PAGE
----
Community members, especially parents, should be involved in shaping the strategies and the network of services providedfor families, based on the community's own resources, needs, and cultures. Each community partnership has a broadly representative group of community members who are responsible for program direction. This group sets the partnership's course of action, adjusts strategies as needed and ensures that the partnership's work is linked to other relevant activities in the area.
Who can get involved?
The community partnership is made up of a broad base of individuals and organizations in the community who are willing to devote their time, talent, leadership and resources to preventing child abuse and neglect before it occurs.  These collaborators provide a wide range of family services and supports, responding quickly to instances of child abuse and neglect and reducing the re-occurrence of abuse and neglect through effective family interventions. Participation is open to anyone in the community who wants to help. Typical partners include:
     -Child Protective Services workers
     -Faith community leaders
     -Public and private human services providers
     -Concerned community members
     -Business leaders
     -Public health services
     -Law enforcement
     -Teachers and other education professionals
How do we know this approach works?
The Chapin Hall Center for Children at the University of Chicago evaluated the impact of community partnerships. To date, we have received both statistical and anecdotal evidence that it is making a difference:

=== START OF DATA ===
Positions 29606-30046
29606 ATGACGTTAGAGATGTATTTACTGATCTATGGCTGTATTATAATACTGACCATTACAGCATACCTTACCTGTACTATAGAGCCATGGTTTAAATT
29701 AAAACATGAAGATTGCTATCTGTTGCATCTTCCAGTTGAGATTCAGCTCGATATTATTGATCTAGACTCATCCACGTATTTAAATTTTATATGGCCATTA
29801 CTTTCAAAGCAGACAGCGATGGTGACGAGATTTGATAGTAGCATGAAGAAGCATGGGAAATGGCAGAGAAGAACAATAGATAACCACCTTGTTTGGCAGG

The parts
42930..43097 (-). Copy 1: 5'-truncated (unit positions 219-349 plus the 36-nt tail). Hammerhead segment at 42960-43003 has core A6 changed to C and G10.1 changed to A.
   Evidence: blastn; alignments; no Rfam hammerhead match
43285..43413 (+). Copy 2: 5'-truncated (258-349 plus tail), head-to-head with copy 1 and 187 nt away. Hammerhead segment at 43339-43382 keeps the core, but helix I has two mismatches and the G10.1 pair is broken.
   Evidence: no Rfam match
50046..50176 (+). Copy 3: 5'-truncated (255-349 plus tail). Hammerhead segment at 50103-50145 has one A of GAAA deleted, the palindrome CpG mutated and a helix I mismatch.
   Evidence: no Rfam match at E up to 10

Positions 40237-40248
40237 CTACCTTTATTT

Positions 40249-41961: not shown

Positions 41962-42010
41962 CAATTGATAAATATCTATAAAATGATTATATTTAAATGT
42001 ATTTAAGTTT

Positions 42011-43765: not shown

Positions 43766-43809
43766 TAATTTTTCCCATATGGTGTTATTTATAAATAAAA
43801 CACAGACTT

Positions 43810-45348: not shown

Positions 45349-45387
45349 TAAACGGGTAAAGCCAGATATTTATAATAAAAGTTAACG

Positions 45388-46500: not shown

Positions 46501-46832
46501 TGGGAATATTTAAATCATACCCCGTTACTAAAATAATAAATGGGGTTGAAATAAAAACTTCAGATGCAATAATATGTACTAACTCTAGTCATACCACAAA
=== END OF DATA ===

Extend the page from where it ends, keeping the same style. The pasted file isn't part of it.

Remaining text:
Case Assessment and service planning:
ICA/FTM process when implemented correctly and consistently was tied to declines in parental depression and increases in a families overall sense of progress
FTM helped to alter the decision making environment in the family by developing case plans that adhered with the family's core concerns, providing a pool of formal and informal   
supports, providing consistent follow up through repeated FTM
CPS agency culture and worker satisfaction
Consistent training of front line staff improved workers confidence in implementing the reform and contributed to higher job satisfaction and greater staff stability
Child Protective Services workers who came together for a discussion on the approach said it helped them better understand families, made them feel better about their jobs, and that they would recommend it to their peers
Shared decision making around child protection
ICA practice created a more collaborative decision making process among families, child welfare workers, and other community service providers around case planning
Some evidences of a sense of shared decision making at the community level.
Perceptions of Child Welfare agencies
CPPC leadership and local agency representatives reported that placing child welfare workers in community settings helped reduce the negative perceptions residents had of child
welfare workers and improved the ability of child welfare workers to draw on neighborhood resources.